was trading down slightly on Wednesday, stabilizing around $46,400 after falling more than 9% in one of the worst selloffs since May.
The plunge came as El Salvador adopted the token as its official currency—becoming the first country to make Bitcoin (BTC) legal tender. That should have marked a milestone for the crypto, a threshold to financial legitimacy. But it’s been met with protests as citizens in the country worry they’ll be forced to accept the highly volatile currency.
Indeed, while El Salvador may not be the best test case, the early indications are that people aren’t ready to swap their U.S. dollars (the other official currency) for Bitcoin. More than a thousand people protested in the capital, San Salvador, on Tuesday, with one sign reading that Bitcoin “will bring more corruption and poverty,” according to a report by Reuters.
Part of the fear, of course, is that Bitcoin isn’t a stable currency—if one can even call it that. Few other “fiat” currencies that are backed by governments lose 9% in a 24-hour span. Those that do are in war-torn or badly mismanaged countries. Many of these countries are also “dollarized,” meaning that people transact in dollars, as in El Salvador.
Nonetheless, some crypto backers view El Salvador’s adoption of Bitcoin as a turning point. Matt Hougan, chief investment officer of Bitwise Asset Management, calls it a “zero-to-one” event. “Prior to this, there were zero countries where it was legal tender,” he says. “Now there’s one. And it’s like other inflection points that were also zero-to-one changes.”
He points out that Bitcoin got a big vote of legitimacy in the hedge fund world after Paul Tudor Jones built a 2% stake for his portfolios in early 2020—sparking a wave of interest from other hedge funds. Another inflection point was
‘s purchases for its balance sheet, a move that led to a dozen publicly traded companies buying it for their treasuries, Hougan says.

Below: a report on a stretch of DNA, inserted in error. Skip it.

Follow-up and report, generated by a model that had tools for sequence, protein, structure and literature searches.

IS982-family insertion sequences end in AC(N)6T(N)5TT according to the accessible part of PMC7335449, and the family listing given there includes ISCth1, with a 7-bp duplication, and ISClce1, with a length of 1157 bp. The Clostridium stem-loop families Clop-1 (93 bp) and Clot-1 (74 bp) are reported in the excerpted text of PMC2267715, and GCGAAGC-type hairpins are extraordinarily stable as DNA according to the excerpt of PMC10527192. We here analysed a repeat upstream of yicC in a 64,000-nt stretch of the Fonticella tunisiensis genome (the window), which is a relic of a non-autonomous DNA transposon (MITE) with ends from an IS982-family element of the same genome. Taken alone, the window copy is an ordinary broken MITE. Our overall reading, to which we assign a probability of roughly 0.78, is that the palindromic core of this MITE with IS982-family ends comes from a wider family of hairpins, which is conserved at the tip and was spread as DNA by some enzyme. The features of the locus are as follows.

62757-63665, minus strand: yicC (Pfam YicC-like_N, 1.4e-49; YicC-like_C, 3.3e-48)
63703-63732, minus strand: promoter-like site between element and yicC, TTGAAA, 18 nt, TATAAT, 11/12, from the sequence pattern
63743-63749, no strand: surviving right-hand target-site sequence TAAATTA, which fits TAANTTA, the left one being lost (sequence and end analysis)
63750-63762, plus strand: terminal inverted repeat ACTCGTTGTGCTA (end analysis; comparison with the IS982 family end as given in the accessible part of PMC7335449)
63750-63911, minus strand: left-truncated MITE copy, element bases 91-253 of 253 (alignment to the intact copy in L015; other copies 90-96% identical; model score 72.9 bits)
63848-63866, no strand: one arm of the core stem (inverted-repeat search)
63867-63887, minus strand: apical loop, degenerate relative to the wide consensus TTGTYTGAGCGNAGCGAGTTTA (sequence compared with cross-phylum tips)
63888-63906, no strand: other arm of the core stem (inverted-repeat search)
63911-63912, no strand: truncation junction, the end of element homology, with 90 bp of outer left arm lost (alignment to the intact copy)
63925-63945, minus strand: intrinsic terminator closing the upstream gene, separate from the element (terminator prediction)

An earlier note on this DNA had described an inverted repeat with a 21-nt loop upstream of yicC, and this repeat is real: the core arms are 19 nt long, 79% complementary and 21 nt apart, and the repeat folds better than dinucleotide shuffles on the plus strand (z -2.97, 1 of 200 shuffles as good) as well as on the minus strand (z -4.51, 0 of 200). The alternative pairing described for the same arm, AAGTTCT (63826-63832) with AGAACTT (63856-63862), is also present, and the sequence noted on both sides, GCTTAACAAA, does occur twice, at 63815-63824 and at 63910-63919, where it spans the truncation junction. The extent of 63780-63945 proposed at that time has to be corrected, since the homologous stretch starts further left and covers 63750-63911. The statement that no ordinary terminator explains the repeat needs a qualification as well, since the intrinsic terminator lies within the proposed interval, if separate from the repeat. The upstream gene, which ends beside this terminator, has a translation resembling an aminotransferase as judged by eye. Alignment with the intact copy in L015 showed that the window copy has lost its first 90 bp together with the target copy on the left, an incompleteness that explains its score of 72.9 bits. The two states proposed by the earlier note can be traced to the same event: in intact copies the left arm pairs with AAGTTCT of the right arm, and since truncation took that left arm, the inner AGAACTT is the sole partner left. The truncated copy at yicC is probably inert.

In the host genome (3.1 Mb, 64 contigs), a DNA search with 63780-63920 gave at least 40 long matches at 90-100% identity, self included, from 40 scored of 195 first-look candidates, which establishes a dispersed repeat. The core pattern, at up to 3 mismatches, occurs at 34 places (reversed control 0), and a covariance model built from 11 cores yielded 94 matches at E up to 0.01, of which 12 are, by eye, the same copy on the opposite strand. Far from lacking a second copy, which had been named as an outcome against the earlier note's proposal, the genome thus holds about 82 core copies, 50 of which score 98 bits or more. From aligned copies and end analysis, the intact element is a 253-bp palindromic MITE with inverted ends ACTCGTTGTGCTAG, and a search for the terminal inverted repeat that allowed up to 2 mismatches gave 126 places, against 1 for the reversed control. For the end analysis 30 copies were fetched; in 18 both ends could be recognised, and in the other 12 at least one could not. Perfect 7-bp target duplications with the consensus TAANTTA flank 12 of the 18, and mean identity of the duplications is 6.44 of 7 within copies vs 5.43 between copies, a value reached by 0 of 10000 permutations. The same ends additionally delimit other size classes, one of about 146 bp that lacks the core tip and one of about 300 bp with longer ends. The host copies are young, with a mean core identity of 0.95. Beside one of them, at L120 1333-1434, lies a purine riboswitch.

“It’s early in the life of Bitcoin to be the primary transaction currency in any economy,” he says. “But if we look back five years from now, this will seem like an inflection point.”
Of more immediate concern to investors may be the leverage that’s built into Bitcoin and other cryptos. Traders who buy Bitcoin futures, or who use small amounts of collateral to amass large stakes, may be forced to sell their positions or be automatically liquidated by exchanges as the price plunges.
Around $3.7 billion worth of long positions in crypto markets were liquidated in the past 24 hours, including $1.3 billion in Bitcoin and $928 million in Ethereum, according to exchange data from Bybt. More than150,000 traders were liquidated in the past 24 hours, according to Bybt.
Open interest in Bitcoin futures has been rising for months, reaching nearly $20 billion in early September. It’s still below a peak of around $28 billion in April 2021, but it’s enough to cause cascading price moves.
None of this is deterring some bulls from predicting higher prices for Bitcoin. Analysts at Standard Chartered Bank issued a “Bitcoin Investor Guide” on Tuesday, predicting the crypto will hit $100,000 in late 2021 or early 2022. The bank’s analysts structurally “value” Bitcoin between $50,000 and $175,000.
“As a medium of exchange, BTC may become the dominant peer-to-peer payment method for the global unbanked in a future cashless world,” they write. Bitcoin should theoretically be worth $120,000 in 2040, based on its decelerating supply compared with growth of the M2 U.S. dollar money supply, they estimate. If institutional portfolio managers allocate just 2% of global portfolios to the crypto, the demand could lift prices to $175,000.
Of course, Bitcoin and other cryptos have no intrinsic value, making valuation models more art than science. The crypto’s next move is anyone’s guess. For the people of El Salvador, one can only hope it doesn’t tumble again.
Write to Daren Fonda at firstname.lastname@example.org